Chidambaram denies prime ministerial aspirations
Finance minister P Chidambaram on Wednesday said that he had no aspirations of becoming India's Prime Minister and would rather carry out assignments for the Congress party.delhi Updated: Apr 25, 2013 01:19 IST
Finance minister P Chidambaram on Wednesday said that he had no aspirations of becoming India's Prime Minister and would rather carry out assignments for the Congress party.
"I have no such expectations. I have no such aspiration and I believe that in the few years that remain to me, I want to do (a) few other things, like travel," Chidambaram said The Economist's India summit here.
He was responding to a specific question on who would be his preferred choice for a finance minister if he becomes the Prime Minister after the 2014 Lok Sabha elections.
"The first part of the question, I reject it out of hand... Therefore, if I reject the first assumption out of hand, the second question does not arise. But I can certainly recommend you many other names to the new Prime Minister," he said in a lighter vein.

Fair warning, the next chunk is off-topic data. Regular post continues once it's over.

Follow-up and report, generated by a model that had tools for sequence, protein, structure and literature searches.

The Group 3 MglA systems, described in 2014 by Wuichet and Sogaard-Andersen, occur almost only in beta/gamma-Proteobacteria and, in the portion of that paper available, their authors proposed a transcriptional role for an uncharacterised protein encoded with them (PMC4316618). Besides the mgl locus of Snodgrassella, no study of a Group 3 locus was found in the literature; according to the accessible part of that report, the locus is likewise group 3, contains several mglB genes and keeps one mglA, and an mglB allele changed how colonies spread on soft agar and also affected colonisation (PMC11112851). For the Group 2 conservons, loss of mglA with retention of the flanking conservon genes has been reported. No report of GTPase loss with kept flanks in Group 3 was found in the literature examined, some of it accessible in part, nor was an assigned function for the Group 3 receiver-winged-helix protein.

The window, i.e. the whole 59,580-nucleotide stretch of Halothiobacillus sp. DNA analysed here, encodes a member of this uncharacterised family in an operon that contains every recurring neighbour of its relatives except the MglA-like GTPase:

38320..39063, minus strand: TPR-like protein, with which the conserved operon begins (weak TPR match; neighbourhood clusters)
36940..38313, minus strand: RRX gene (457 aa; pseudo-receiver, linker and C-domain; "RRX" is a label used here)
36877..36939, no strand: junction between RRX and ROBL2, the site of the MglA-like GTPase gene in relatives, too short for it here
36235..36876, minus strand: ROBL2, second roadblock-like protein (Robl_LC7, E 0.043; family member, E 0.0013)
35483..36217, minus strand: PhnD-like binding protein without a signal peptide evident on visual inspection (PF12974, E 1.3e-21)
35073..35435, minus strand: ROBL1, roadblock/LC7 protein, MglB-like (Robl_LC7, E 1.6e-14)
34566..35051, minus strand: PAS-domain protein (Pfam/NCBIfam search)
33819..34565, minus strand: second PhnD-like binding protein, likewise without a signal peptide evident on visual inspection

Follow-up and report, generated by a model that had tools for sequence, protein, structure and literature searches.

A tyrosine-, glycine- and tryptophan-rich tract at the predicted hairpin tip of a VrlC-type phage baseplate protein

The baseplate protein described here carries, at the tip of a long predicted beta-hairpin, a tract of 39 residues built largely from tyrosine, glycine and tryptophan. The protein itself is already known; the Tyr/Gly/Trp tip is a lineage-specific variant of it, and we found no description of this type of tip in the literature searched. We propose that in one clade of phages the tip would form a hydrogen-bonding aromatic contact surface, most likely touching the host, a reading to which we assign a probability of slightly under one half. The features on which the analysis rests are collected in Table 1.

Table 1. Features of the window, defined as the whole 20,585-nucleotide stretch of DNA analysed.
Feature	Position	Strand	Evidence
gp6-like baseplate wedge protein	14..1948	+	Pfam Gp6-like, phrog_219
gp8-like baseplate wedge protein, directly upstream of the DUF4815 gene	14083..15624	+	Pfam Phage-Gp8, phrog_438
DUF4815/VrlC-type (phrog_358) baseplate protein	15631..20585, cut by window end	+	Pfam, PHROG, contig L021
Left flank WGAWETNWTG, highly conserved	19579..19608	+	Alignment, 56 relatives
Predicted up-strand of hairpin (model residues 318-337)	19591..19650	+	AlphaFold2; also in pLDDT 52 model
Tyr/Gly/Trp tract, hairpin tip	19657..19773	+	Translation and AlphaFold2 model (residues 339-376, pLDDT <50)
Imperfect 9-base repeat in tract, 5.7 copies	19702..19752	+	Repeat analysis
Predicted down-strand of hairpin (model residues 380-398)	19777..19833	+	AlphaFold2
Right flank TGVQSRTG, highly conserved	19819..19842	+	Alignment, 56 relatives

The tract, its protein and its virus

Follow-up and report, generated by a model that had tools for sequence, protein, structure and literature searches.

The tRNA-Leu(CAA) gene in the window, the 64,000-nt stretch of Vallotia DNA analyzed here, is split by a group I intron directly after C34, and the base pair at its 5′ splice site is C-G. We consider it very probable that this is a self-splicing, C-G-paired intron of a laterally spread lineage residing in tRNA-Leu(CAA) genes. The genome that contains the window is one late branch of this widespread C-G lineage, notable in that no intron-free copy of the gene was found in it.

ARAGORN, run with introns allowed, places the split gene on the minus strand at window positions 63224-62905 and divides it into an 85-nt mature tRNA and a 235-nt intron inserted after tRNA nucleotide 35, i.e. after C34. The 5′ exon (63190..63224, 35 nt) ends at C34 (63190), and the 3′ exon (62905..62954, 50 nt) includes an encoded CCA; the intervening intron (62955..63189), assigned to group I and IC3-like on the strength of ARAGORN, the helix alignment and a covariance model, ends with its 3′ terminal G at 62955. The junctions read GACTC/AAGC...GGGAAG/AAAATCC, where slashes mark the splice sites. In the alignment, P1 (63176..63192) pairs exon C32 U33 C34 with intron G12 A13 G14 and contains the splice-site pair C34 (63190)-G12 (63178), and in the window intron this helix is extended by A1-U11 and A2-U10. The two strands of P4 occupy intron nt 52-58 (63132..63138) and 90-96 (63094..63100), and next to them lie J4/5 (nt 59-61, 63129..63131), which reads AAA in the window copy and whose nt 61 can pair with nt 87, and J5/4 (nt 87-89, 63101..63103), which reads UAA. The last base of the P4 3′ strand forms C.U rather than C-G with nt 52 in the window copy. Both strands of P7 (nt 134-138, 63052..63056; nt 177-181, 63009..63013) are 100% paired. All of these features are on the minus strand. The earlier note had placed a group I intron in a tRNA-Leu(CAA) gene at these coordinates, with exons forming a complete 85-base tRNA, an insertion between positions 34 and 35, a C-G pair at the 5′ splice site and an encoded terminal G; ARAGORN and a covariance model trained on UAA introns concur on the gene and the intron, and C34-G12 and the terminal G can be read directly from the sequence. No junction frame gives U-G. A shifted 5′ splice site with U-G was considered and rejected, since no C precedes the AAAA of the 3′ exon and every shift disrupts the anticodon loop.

Chidambaram added that he would like to "remain a worker of the Congress party."
"I did not have enough opportunity to work at party level, except for brief period when I was general secretary of state Congress party. I want to prove that I can also do party work.
"I would do whatever the party asks me to do... I sincerely hope the party will allow me to travel, read and write," he said.
He said the government was committed to get the economy going, signalling an ambitious fightback to spur growth adding that more reform measures were round the corner in the next two to four months.
"There is much more to be done. The remaining bills have to be passed. There are many more executive actions that have to be taken... Some of these are executive actions which we will take in the next 2-4 months," Chidambaram said.
He ruled out early elections and said the government could roll out the goods and services tax (GST) before the Lok Sabha elections scheduled for next year.
"We need to open our economy more. We have to give more space for FDI," he said.
He also said the current account deficit, which had hit a record high of 6.7% in the quarter-ending December 31, 2012, is "worrying."
"The satisfying aspect of this is that we have financed it completely without drawing down our reserves. There have been copious inflows," he said.